The HCl/ferrous sulfate etchant will etch a CoFe/CoFeN seed layer without etching plated NiFe, even after etching over 6 minutes. A typical etch for a 1500 Å seed layer may last 1 to 3 minutes.
The H2SO4/ferric ammonium sulfate etchant will attack the NiFe seed as well as plated NiFe. It will attack Cu at a different rate. Therefore, Cu should be used as the metal mask layer. Typically, 30 seconds to 1 minute is required to etch a 1500 Å seed layer.
The NaH4OH/ammonium persulfate etchant will also attack NiFe, but at a different rate than Cu. Typically, 15 to 45 seconds are required to etch a 1500 Å Cu seed layer.
The wet-chemical etch is followed by a low-rate ion milling process, which cleans the interface between seed layer 270 and overcoat layer 206. The angle of the ion beam with respect to the normal of the surface of overcoat layer 206 is set from −10° to −70°. The ion milling process can be performed for 5 to 10 minutes.
With all traces of seed layer 270 removed from the surface of overcoat layer 206, the etching of overcoat layer 206 though openings 276 in metal mask layer 274 can begin. Overcoat layer 206 is etched using a reactive ion etch (RIE) process. A Unaxis etcher may be used. The RIE may be CF4 based, with the RF power at 100-300 W. Under these process conditions, the silicon dioxide or silicon nitride etches at a rate of 4000 Å/min. If overcoat layer 206 is formed of silicon nitride, 20-100 sccm of CHF3 are added to the RIE.
A CF4-based RIE process provides a vertical 90-degree profile. The unique wet/dry seed layer removal ensures a smooth sidewall. The wet chemical etch removes the seed layer with minimal damage to the mask layer, while the subsequent low rate ion milling process removes any remaining trace of the seed layer. The resulting sidewall of the SiO2 or Si3N4 overcoat layer is much smoother than can be obtained using a conventional seed layer removal process.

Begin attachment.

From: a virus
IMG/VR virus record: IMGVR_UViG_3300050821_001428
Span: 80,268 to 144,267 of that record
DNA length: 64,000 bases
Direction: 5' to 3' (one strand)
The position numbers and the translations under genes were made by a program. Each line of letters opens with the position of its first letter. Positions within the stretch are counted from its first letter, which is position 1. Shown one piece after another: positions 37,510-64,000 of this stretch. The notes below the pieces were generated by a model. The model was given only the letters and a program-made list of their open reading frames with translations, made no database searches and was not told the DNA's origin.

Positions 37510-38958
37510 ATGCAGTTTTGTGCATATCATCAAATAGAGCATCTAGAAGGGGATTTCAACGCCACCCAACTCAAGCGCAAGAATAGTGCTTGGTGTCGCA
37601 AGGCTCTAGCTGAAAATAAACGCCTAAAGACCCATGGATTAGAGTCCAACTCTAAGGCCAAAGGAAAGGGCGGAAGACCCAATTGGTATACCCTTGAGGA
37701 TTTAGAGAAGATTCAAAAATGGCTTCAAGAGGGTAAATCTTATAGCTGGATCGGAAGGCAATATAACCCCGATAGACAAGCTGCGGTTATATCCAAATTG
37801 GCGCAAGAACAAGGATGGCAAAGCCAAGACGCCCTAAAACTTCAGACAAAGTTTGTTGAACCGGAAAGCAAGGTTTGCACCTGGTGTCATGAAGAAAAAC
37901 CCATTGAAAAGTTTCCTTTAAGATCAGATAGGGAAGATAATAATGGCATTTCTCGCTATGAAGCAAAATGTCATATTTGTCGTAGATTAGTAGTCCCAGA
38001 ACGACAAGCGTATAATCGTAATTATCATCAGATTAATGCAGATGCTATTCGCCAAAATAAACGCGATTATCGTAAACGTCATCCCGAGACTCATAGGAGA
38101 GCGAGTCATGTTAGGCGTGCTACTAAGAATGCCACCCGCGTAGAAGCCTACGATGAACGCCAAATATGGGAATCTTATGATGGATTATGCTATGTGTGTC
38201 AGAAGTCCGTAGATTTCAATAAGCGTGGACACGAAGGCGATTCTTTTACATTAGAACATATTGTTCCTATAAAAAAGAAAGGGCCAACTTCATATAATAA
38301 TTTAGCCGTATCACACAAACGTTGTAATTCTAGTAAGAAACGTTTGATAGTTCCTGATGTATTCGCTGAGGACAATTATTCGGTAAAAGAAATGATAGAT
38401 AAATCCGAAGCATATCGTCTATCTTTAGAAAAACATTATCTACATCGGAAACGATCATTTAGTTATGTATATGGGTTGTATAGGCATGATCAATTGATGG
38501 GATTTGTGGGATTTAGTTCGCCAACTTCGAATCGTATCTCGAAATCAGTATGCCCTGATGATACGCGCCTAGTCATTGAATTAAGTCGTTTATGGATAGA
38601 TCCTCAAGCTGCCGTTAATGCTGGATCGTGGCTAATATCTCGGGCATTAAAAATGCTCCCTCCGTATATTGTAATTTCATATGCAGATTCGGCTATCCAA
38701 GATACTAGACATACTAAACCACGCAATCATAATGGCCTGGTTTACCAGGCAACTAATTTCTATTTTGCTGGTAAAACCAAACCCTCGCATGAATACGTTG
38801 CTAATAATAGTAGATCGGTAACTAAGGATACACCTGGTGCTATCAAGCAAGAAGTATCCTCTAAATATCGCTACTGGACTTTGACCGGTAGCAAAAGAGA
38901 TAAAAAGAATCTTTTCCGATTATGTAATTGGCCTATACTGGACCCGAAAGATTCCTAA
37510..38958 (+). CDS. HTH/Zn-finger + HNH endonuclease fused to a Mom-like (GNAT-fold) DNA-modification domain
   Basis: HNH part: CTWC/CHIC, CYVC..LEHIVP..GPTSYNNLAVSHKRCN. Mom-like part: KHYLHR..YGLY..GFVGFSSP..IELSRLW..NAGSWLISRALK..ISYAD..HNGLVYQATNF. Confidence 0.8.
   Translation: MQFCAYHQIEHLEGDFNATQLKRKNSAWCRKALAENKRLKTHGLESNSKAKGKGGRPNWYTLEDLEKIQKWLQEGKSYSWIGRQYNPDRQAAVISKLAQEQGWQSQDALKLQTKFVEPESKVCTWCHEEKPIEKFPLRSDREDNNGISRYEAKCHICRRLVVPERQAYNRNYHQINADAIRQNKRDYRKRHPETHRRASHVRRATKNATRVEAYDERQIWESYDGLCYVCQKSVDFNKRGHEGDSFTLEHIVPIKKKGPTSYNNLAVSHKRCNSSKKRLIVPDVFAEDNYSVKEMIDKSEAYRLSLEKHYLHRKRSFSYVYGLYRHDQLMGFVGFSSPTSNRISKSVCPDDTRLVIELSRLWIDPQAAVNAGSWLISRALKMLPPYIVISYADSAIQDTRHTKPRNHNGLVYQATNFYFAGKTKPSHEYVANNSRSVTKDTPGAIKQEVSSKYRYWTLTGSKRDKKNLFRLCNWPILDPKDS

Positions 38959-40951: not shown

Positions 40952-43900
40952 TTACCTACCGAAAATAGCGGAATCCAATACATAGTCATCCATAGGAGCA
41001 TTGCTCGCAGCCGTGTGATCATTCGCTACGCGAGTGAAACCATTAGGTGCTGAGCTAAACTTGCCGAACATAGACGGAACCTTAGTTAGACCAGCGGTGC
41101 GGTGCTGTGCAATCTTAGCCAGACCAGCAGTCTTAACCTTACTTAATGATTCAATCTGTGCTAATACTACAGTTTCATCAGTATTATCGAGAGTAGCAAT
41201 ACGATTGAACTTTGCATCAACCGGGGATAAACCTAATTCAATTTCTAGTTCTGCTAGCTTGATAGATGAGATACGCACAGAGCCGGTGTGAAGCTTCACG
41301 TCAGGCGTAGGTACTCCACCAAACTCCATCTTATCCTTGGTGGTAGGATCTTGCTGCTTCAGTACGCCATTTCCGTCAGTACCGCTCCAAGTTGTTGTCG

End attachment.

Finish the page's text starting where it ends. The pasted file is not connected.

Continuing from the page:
At the completion of the RIE process, trenches 278 have been formed in overcoat layer 206, as shown in
Thus, because of the formation of trenches 278, the dicing saw does not need to cut into overcoat layer 206 which, being made of silicon dioxide and silicon nitride, is prone to chipping and cracking. Moreover, as described above, certain of the trenches 278 are used to form recesses 208.
As indicated above, the use of a silicon dioxide or silicon nitride overcoat layer reduces the temperature-induced protrusion of the overcoat layer, as compared with an overcoat layer made of alumina.
This invention allows GMR head designers to obtain the reduced temperature-induced protrusion of a silicon dioxide or silicon nitride layer without sacrificing the advantages of having a recess in the overcoat layer. The formation of a recess reduces the stress to which the upper pole-tip P2/P3 is exposed. The overcoat layer is generally deposited under a compressive stress. Therefore, with no recess the pole-tip P2/P3 experiences a tensile stress. Computer modeling studies indicate that the pole-tip sees a stress that is equal to approximately one-half of the stress in the overcoat layer.
When a recess is formed in the overcoat layer, the pole-tips experience a compressive stress that is equal to about one-half of the stress in the overcoat layer. Thus the net change in the stress experienced by the pole-tips from the addition of the recess is approximately equal to the stress in the overcoat layer.
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In summary, this invention permits the use of silicon dioxide or silicon nitride as an overcoat layer in a GMR head, with the consequent reduction in CTE and temperature-induced protrusion, without creating any fabrication problems and without sacrificing the electromagnetic performance of the head.